# Matrix elements in the quantum oscillator

1. Oct 5, 2014

### andre220

1. The problem statement, all variables and given/known data

For a quantum oscillator find all non-zero matrix elements of the operators $\hat{x}^3$ and $\hat{x}^4$

2. Relevant equations

$\hat{x} = \sqrt{\frac{\hbar}{2m\omega}}\left(a+a^\dagger\right)$

$a^\dagger |n\rangle = \sqrt{n+1}|n+1\rangle$
$a |n\rangle = \sqrt{n}|n-1\rangle$

3. The attempt at a solution
Okay so first it is necessary to compute $\langle n |\hat{x}^3|n'\rangle$ and then from that outcome determine the non-zero elements.

$$x^3 = \left(\frac{\hbar}{2m\omega}\right)^{3/2}(a + a^\dagger)^3 =\left(\frac{\hbar}{2m\omega}\right)^{3/2}(a + a^\dagger)(a _ + a^\dagger)(a + a^\dagger) =$$

$$=\left(\frac{\hbar}{2m\omega}\right)^{3/2}(a a a + a^\dagger a a + a a^\dagger a + a^\dagger a^\dagger a + a a a^\dagger + a^\dagger a a^\dagger + a a^\dagger a^\dagger + a^\dagger a^\dagger a^\dagger)$$

So then we compute

$$\langle n|\hat{x}^3|n' \rangle =$$
$$\left(\frac{\hbar}{2m\omega}\right)^{3/2} \langle n|(a a a + a^\dagger a a + a a^\dagger a + a^\dagger a^\dagger a + a a a^\dagger + a^\dagger a a^\dagger + a a^\dagger a^\dagger + a^\dagger a^\dagger a^\dagger)|n'\rangle$$

And then from here I am having trouble evaluating this, however, I am pretty sure that the majority of the terms above go to zero.

Any help would be greatly appreciated.

2. Oct 6, 2014

### Fightfish

You just have to evaluate the action of the operators on the states sequentially. Lets take the term $a a^{\dagger} a$ for example:
$$\left\langle n\right| a a^{\dagger} a \left|n'\right \rangle = \left\langle n\right| a a^{\dagger} \sqrt{n'} \left|n' - 1\right \rangle = \left\langle n\right| a \sqrt{n'} \sqrt{n'} \left|n'\right \rangle = \left\langle n\right| \sqrt{n'} \sqrt{n'} \sqrt{n'} \left|n'-1\right \rangle = \left(n'\right)^{3/2} \delta_{n,n'-1}$$

3. Oct 6, 2014

### andre220

Thanks for your response. Why wouldn't the above be: $$\langle n|aa^\dagger a|n'\rangle = \langle n|aa^\dagger \sqrt{n'}|n'-1\rangle = \langle n|a\sqrt{n'+1}\sqrt{n'}|n'\rangle = \langle n|\sqrt{n'+1}n'|n'-1\rangle = n'\sqrt{n'+1}\delta_{n,n'-1}$$

Becuase you would apply the lowering operator and then the raising and then the lowering, which would give you that factor $\sqrt{n'+1}$ instead of 3 factors of $\sqrt{n'}$. Or am I misguided in my thinking?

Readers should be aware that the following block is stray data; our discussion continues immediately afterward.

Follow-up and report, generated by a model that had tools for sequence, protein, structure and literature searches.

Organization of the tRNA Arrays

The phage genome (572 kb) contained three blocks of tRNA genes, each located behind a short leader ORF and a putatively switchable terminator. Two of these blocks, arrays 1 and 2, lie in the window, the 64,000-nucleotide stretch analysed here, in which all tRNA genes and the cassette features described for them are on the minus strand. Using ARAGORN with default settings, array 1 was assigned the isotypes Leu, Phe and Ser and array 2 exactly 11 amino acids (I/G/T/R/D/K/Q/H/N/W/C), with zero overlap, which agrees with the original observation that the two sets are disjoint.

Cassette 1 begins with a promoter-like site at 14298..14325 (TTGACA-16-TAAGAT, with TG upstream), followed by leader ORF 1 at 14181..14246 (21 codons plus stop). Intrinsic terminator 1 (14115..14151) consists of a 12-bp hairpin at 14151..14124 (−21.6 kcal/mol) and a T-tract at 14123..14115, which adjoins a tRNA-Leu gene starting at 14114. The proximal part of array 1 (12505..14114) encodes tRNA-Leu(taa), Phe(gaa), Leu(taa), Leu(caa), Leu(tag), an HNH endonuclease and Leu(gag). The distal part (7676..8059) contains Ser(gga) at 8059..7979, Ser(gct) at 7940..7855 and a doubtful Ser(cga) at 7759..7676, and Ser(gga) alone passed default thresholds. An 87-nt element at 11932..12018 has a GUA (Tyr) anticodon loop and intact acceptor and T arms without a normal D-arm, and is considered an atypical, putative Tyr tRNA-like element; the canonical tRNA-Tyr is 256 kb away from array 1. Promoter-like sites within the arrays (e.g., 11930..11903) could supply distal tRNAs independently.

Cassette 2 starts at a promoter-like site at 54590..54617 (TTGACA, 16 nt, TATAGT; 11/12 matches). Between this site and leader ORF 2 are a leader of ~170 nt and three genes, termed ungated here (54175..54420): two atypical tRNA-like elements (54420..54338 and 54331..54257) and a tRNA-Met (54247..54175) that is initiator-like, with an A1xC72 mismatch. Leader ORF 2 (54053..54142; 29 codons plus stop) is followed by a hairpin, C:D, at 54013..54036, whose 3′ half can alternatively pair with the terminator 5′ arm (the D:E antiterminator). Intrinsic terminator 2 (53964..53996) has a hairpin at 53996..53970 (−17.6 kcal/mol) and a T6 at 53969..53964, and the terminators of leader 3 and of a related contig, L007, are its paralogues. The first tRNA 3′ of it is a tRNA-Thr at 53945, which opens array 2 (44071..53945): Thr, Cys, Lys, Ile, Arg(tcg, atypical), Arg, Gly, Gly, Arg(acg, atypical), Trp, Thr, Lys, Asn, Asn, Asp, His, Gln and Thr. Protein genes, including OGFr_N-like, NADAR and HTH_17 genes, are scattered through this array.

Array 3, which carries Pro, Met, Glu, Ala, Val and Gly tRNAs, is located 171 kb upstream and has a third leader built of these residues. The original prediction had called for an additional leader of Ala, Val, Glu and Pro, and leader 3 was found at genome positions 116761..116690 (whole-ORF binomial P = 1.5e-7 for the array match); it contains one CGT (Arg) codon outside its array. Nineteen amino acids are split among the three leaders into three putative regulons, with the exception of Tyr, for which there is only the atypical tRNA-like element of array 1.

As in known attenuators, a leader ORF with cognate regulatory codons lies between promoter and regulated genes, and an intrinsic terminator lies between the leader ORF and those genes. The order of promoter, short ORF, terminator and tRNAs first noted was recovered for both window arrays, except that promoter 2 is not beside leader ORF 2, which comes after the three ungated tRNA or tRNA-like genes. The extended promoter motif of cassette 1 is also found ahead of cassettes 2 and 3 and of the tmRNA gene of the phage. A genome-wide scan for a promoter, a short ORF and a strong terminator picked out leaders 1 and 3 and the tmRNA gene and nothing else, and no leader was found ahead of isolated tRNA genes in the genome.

4. Oct 6, 2014

### BvU

I seem to remember that $a^\dagger a = N$ and $a a^\dagger = N+1$ ...

5. Oct 6, 2014

### andre220

Okay so just to make sure that I am going about this right here is what I have for the first four terms:
$$\langle n|a a a|n'\rangle = \langle n|a a \sqrt{n'}|n'-1\rangle = \cdots = (n')^{3/2}\delta_{n,n'-3}$$
$$\langle n|a^\dagger a a|n'\rangle = \langle n|a^\dagger a \sqrt{n'}|n'-1\rangle = \langle n|(n')^{3/2}|n'-2\rangle = (n')^{3/2}\delta_{n,n'-2}$$
$$\langle n|a a^\dagger a|n'\rangle = \langle n|a n'|n'\rangle = (n')^{3/2}\delta_{n,n'-1}$$
$$\langle n|a^\dagger a^\dagger a|n'\rangle = \langle n |a^\dagger n'|n'\rangle = n'\sqrt{n'+1}\delta_{n,n'+1}$$

6. Oct 6, 2014

### BvU

As I said (you can check with your post #1) $a^\dagger a = N$, so $a^\dagger a \, a |n> = a^\dagger a \, \sqrt N\, |n-1> = \sqrt N a^\dagger a \, |n-1> = (N-1)\sqrt N |n-1>$, meaning I get something else for your second term...
And for the coefficient of the third ...
And for the fourth I get the same as you :-)

7. Oct 6, 2014

### Fightfish

Because you are applying the raising operator on the state $\left|n'-1\right\rangle$ instead of $\left|n'\right\rangle$, and so you obtain a factor $\sqrt{(n'-1) +1} = \sqrt{n'}$.
This also sort of explains why you got the wrong answer for the second term: you need to take note of the state that you are operating on.

8. Oct 6, 2014

### andre220

Okay after about five minutes of staring at it I think it makes sense now. What you are both saying is that $$\langle n|a^\dagger a a|n'\rangle =\underbrace{ \langle n |\sqrt{n'}a^\dagger a |n'-1\rangle}_\textrm{Now we are acting on n-1 state and thus the outcome of the operator will be not just n' but n'-1}$$

It clicked now, the notation was slightly throwing me off, but also I clearly wasn't getting it. Thank you for your help.

9. Oct 6, 2014

### BvU

Nice exercise. In my book (Merzbacher, QM, 1970 :-) ) there is a matrix for x that still looks decent. But for higher powers it will look a bit less nice; still it's a diagonal band matrix.